Fiona: In terms of the work that I’m doing, journalists who are working in authoritarian regimes and other authoritarian countries. Countries where the ruling actors and the political actors in charge want to control the narrative and don’t want any form of challenge in the press, but want to push their own propaganda disinformation, etc. Just to give you a couple of examples, in Iran. I’m sure lots of the those viewing now will be aware of the protests that have been happening in Iran since last September following the death of a young woman, Mahsa Amini, in police custody.
When this big event happened, there were massive protests. And as a result, there’s been a massive crackdown on press freedom immediately afterwards, particularly targeting women who have been at the forefront of those protests. So more journalists have been arrested. Over 20 of those are still in prison now and they’re extraordinarily brave and inspiring journalists. Their commitment to the truth and to holding the powerful accountable is incredible when you think of the circumstances they’re working in. But they are very much at risk.
Fiona: I think it varies enormously, the response would have to change depending on which country you’re working in. If I’m talking to a young journalist who’s working in the UK, I’d have a very different set of responses than if I’m talking to a journalist who wants to start up in Hong Kong or Iran or anywhere else. So I think the general answer is to educate yourself, find out how things are. What is the lay of the land in your country? What are the laws that protect you? What are the laws that prevent you from doing certain things? And in that sense, I suppose it’s probably the same advice I would have given myself when I started out: surround yourself with journalists with more experience, whether that’s in your workplace, or if that’s not possible through your own workplace, by joining groups of journalists, by seeking out contacts.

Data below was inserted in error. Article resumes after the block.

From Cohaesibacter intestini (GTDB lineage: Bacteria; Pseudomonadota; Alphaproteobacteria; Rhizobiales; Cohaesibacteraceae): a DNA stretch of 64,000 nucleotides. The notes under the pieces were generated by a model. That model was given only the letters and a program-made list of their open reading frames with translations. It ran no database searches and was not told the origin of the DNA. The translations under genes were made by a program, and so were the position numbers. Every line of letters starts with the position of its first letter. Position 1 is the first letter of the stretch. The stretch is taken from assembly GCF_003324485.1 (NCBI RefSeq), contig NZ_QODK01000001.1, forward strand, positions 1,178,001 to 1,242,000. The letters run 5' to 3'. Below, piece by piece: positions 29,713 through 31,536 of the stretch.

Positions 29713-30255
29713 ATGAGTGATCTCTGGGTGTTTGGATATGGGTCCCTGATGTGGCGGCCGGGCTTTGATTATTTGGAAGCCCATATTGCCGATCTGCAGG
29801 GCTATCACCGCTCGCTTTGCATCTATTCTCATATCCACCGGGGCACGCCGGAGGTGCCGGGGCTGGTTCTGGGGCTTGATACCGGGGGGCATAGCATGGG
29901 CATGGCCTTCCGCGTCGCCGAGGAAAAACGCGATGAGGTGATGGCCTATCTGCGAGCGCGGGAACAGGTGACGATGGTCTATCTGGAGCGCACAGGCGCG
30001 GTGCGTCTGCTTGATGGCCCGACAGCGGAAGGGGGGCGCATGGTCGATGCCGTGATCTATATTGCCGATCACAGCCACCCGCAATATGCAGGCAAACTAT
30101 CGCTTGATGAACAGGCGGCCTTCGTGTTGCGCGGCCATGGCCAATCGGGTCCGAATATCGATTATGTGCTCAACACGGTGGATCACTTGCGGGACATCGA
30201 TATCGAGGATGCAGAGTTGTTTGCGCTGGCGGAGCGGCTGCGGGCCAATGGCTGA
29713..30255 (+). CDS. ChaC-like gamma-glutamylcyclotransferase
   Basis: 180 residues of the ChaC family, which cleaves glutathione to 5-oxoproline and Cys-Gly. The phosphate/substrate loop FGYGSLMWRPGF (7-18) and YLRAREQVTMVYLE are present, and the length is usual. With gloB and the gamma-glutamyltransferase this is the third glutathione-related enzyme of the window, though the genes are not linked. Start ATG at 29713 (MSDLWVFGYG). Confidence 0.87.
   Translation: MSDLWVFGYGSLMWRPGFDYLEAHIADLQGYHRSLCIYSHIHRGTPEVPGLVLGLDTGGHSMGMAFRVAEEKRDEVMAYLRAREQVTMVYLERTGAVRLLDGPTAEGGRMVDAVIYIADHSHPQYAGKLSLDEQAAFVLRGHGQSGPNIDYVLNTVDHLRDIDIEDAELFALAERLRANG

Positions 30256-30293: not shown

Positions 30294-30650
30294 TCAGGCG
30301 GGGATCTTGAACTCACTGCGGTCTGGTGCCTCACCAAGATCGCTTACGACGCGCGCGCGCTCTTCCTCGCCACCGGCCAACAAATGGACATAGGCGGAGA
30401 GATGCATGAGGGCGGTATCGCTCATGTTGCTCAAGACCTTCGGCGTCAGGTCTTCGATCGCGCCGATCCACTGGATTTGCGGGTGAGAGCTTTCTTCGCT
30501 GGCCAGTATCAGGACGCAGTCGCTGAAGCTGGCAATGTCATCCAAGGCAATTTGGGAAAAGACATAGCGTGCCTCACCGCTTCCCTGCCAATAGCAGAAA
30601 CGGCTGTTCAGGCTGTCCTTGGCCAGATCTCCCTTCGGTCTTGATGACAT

As journalists, we’re constantly in contact with lots of different people. Draw on the experience of people around you. When I was just starting out, I was in my early 20s, I started covering quite a few conflicts. I had very little experience but was able to just learn and learn and learn from people around me. Experience is everything. So, just inform yourself as much as you can. I think this is the best advice. Never be frightened if you don’t know how to deal with something. None of us know how to deal with a situation when it’s the first time we face it, whatever stage of your career you’re at. Ask questions when you don’t know how to cope with something. Don’t think that you’ve just got to sit back and find out. Has this happened to somebody else before in your workplace? Is there something you can do about it? Keep having open dialogue.
In my role as a university lecturer, I had lots of students who went into freelance work and also some that did studies around freelancers and you don’t know who to go to because there isn’t a manager to go to in the first instance. My one piece of advice would probably be that if you are working largely freelance, especially if you’re at the beginning of your career, there are some really great mentoring schemes that are out there so that you have someone else someone trusted, who has more experience you can go to, who can help you with signposting. There are unions, organisations of journalists in most countries that you know, it’s really good to be affiliated with, so that you’re not working completely isolated because of course, it can be very difficult to know who to turn to.
It’s definitely more acute for freelancers but I would also say that the new working models that have developed around the world since COVID, can be really isolating for so many young journalists who haven’t had the benefit of a decade of experience behind them, who are increasingly working from home on most days and they lack the day to day support regular conversations with people who have more experience than you an bring. So it can be really difficult and I think on an individual level, we will have to find ways to combat that isolation, whether that’s joining local groups of journalists, finding mentors, etc.